Careers in aviation grow even as sector witnesses slowdown

By Madhusree Chatterjee, IANS,

New Delhi : The Indian aviation sector may have hit an air pocket because of an industry slowdown and rising airfares, but a leading travel and tourism training institute says this is temporary – the sector will boom, and jobs abound.

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The Kuoni Academy of Travel, the Mumbai-based training institute that is part of the Kuoni Travel Group, has tied up with the Britain-based Cabin Crew Direct and the Dubai-based International Airline and Business Academy (IABA) to train cabin crew aspirants.

It is offering a four-month diploma course comprising 18 modules designed in association with leading international airlines to meet training standards across the world.

“We have tried to ensure that our courses meet the highest standards of quality. The tie-up with Cabin Crew Direct and IABA underlines our commitment to provide Indian students with world class content which can help them with their careers,” Kuoni Academy principal Smeeta Gulvady told IANS.

The International Air Transport Association (IATA), in its latest estimates, reckons India will be the driving force behind the world’s civil aviation business that is globally expected to grow from $5.1 billion to $5.6 billion this year.

The current market size of the international air traffic in India is nearly $5 billion (Rs.21,000). Industry insiders forecast that it is expected to grow phenomenally, creating a huge need for skilled manpower.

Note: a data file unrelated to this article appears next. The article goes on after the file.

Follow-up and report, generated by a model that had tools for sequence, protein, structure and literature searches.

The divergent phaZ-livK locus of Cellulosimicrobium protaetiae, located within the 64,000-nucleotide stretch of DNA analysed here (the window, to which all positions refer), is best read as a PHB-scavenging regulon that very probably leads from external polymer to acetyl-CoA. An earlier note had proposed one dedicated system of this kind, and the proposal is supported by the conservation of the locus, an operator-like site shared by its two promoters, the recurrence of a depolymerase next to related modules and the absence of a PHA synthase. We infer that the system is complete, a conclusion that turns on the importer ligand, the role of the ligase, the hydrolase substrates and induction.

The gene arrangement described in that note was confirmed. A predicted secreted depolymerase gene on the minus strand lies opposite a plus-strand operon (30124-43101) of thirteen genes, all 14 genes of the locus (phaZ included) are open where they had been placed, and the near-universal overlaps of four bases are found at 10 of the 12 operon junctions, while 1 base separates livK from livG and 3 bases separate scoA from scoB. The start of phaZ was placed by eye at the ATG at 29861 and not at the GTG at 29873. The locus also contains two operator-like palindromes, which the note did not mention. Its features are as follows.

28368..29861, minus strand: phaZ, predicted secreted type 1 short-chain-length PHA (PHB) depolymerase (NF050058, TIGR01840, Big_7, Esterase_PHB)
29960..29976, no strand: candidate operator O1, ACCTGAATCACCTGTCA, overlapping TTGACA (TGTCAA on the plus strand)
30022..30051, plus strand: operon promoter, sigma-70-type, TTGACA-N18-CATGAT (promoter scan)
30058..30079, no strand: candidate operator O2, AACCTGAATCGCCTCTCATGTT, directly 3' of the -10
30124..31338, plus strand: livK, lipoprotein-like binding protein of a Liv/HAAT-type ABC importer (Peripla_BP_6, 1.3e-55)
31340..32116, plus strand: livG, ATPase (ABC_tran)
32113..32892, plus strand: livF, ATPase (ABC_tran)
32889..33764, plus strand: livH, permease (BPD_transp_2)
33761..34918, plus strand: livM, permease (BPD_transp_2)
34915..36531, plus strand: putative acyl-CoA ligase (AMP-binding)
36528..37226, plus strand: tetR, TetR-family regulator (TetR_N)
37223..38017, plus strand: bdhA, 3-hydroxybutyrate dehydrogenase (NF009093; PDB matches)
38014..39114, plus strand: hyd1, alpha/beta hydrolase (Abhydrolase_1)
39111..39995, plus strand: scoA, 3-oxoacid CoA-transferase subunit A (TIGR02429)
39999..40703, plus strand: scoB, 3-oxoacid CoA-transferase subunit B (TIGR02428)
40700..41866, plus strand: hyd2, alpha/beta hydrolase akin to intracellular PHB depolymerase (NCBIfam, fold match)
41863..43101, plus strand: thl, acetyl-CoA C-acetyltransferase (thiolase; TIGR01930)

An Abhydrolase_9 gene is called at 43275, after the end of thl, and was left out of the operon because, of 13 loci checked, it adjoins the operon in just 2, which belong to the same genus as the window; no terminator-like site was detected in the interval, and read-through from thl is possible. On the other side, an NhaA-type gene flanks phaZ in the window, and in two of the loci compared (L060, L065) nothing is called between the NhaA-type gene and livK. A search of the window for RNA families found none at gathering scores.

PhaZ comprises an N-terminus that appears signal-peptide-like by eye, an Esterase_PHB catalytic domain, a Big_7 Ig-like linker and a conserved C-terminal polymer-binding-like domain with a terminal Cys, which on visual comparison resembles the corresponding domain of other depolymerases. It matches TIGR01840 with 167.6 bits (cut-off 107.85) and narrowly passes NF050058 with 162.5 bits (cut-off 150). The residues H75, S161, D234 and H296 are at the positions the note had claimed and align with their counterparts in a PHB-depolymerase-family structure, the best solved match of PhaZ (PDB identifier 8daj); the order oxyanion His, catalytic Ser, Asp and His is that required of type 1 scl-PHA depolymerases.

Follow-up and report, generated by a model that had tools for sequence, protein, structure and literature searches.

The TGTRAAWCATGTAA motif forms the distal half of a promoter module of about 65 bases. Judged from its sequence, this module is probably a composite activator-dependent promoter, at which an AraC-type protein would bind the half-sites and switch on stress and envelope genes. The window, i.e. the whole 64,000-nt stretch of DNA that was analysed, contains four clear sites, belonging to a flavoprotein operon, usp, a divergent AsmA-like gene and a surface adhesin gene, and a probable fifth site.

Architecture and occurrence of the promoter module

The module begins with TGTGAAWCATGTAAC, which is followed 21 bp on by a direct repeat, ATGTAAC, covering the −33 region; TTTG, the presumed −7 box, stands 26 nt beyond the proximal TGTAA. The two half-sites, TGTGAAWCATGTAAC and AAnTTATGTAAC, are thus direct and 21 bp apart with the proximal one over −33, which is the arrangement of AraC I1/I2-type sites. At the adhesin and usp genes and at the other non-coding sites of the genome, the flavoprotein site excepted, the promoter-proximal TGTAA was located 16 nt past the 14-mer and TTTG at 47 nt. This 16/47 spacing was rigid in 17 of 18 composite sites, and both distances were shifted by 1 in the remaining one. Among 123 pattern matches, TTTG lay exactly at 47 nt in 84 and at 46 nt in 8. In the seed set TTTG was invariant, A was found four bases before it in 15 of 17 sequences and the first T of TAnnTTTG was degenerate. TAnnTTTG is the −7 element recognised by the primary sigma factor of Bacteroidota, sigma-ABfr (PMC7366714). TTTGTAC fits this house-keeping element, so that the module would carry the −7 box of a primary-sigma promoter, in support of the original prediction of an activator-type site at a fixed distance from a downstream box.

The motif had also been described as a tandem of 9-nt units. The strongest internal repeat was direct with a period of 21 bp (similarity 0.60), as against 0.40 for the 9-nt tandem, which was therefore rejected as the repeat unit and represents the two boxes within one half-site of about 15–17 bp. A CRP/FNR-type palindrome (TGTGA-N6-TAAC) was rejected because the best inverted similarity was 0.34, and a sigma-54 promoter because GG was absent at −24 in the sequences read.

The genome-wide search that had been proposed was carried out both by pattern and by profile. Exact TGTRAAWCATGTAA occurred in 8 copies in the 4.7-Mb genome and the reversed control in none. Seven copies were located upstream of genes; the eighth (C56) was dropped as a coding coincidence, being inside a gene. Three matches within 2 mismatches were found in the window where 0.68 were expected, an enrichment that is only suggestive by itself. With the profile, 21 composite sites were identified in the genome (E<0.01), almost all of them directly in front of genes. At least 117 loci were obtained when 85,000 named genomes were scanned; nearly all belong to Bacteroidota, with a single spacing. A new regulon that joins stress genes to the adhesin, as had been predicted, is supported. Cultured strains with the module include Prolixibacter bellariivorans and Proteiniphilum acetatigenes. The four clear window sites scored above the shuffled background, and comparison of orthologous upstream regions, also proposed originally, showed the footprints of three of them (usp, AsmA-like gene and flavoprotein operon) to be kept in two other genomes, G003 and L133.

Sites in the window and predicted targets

“There is such a huge demand for cabin jobs and a vast number of such jobs are available – not necessarily in India at the moment due to temporary problems,” John Ellis, chief executive officer of Cabin Crew Direct, told IANS in an email interview.

“International airlines open a great career option, offering an opportunity for the cabin crew to visit different countries and continents that they could ever dream of,” he added.

Ellis said Indians perform better as cabin crew than many nationalities across the globe because they are highly educated.

“They adapt well to training, they are very presentable, and India is the nation that speaks English best though it is not the country’s first language,” Ellis said.

“The best types of applicants are those who are well-educated, very presentable and enthusiastic and have experience in customer service. Other criteria include height, weight, eyesight and, as most airlines demand, the ability to swim.

“The average Indian applicant fulfils a lot of these criteria being a very hospitable, intelligent and friendly race. However, the ability to swim is not as high in India as compared to some other countries. And this is an area where the Kuoni academy will be helping the candidates,” he said.

Overall, Ellis said, the quality of cabin crew from India is world class, as can be seen from international airlines who recruit from them in large numbers.